The Latest Example Of Why "Right Belief" Is Harmful
Friday, February 08, 2013
A few days ago I wrote a post discussing the role of "belief" in emergent faith. And in that post, I stated that "right belief" is an impotent and useless measure by which to determine authentic faith. Belief in ideas and notions is not transformative. But the embrace and practice of Love is transformative. Insisting that people believe in the same things we do is not transformative. But loving people fully in their diversity is transformative. . . . In fact, "belief" can be an obstacle to Love rather than a facilitator of it, especially when a "non-believer" is encountered. Belief is too often a tool of division, not a tool of Oneness. Centuries of human history bear witness to this sad fact.
"Right belief" and insistence upon it can be extremely harmful, and can contribute to brokenness. This was painfully illustrated yesterday when a pastor in the conservative Missouri Synod of the Lutheran Church had to apologize for praying at an interfaith vigil in Newtown, Connecticut because it is against his denomination's rules to pray with "non-believers". From the report:
A Lutheran pastor has apologized after being chastised by his denomination's leader for offering a prayer at an interfaith vigil for the victims of the school shooting in Newtown, Connecticut.
Pastor Rob Morris, who leads the Christ the King Lutheran Church in Newtown, violated the Lutheran Church-Missouri Synod's rule against taking part in joint worship services, said the synod's president, Pastor Matthew C. Harrison.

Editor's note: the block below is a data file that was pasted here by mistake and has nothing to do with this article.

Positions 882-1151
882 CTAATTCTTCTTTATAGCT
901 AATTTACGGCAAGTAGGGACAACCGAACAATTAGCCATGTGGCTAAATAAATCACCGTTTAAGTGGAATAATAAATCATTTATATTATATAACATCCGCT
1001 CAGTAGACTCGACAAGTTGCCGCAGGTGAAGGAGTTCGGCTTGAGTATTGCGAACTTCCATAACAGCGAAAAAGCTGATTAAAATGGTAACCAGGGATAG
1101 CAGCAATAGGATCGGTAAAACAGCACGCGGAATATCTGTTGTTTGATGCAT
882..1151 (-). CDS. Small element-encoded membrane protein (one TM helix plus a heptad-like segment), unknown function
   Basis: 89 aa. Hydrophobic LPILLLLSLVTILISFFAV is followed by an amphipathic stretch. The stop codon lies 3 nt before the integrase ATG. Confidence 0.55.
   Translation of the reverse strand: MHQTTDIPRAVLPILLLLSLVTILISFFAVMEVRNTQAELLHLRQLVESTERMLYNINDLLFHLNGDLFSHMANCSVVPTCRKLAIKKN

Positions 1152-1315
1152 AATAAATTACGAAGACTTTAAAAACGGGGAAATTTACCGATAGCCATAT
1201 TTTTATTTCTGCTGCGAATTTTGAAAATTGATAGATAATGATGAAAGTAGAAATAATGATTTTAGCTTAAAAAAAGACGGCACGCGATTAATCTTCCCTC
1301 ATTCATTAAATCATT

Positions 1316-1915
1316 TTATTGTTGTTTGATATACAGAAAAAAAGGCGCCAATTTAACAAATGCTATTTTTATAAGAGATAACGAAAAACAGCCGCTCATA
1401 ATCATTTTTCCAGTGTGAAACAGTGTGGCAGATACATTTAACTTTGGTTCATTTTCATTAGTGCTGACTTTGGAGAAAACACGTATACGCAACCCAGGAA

Participation could be seen as endorsing "false teaching" because some among the diverse group of religious leaders at the vigil hold beliefs different from those of synod. . . .
One of the victims of the shooting was a young congregant of Morris' church.
In an open letter posted online, Harrison wrote that because of "the presence of prayers and religious readings" and the fact that "other clergy were vested for their participation," the event was a "joint worship with other religions."
"I could draw no conclusion other than that this was a step beyond the bounds of practice allowed by the Scriptures," Harrison wrote. "There is sometimes a real tension between wanting to bear witness to Christ and at the same time avoiding situations which may give the impression that our differences with respect to who God is, who Jesus is, how he deals with us, and how we get to heaven, really don't matter in the end."
After apologizing for "pushing Christian freedom too far," the pastor then defended his presence at the vigil as "an act of community chaplaincy."
This is yet another example of how it matters more to some Christians what is in one's head as regards "rules" rather than what is in one's heart as regards love. This pastor, in the same fashion as Jesus, understood that to love his human neighbors was more important than obeying denominational rules.
Unfortunately, the Missouri Synod of the Lutheran Church prefers the rules over love, all because some of the pastors and other religious leaders who participated at the vigil for the slain children were seen as "non-believers."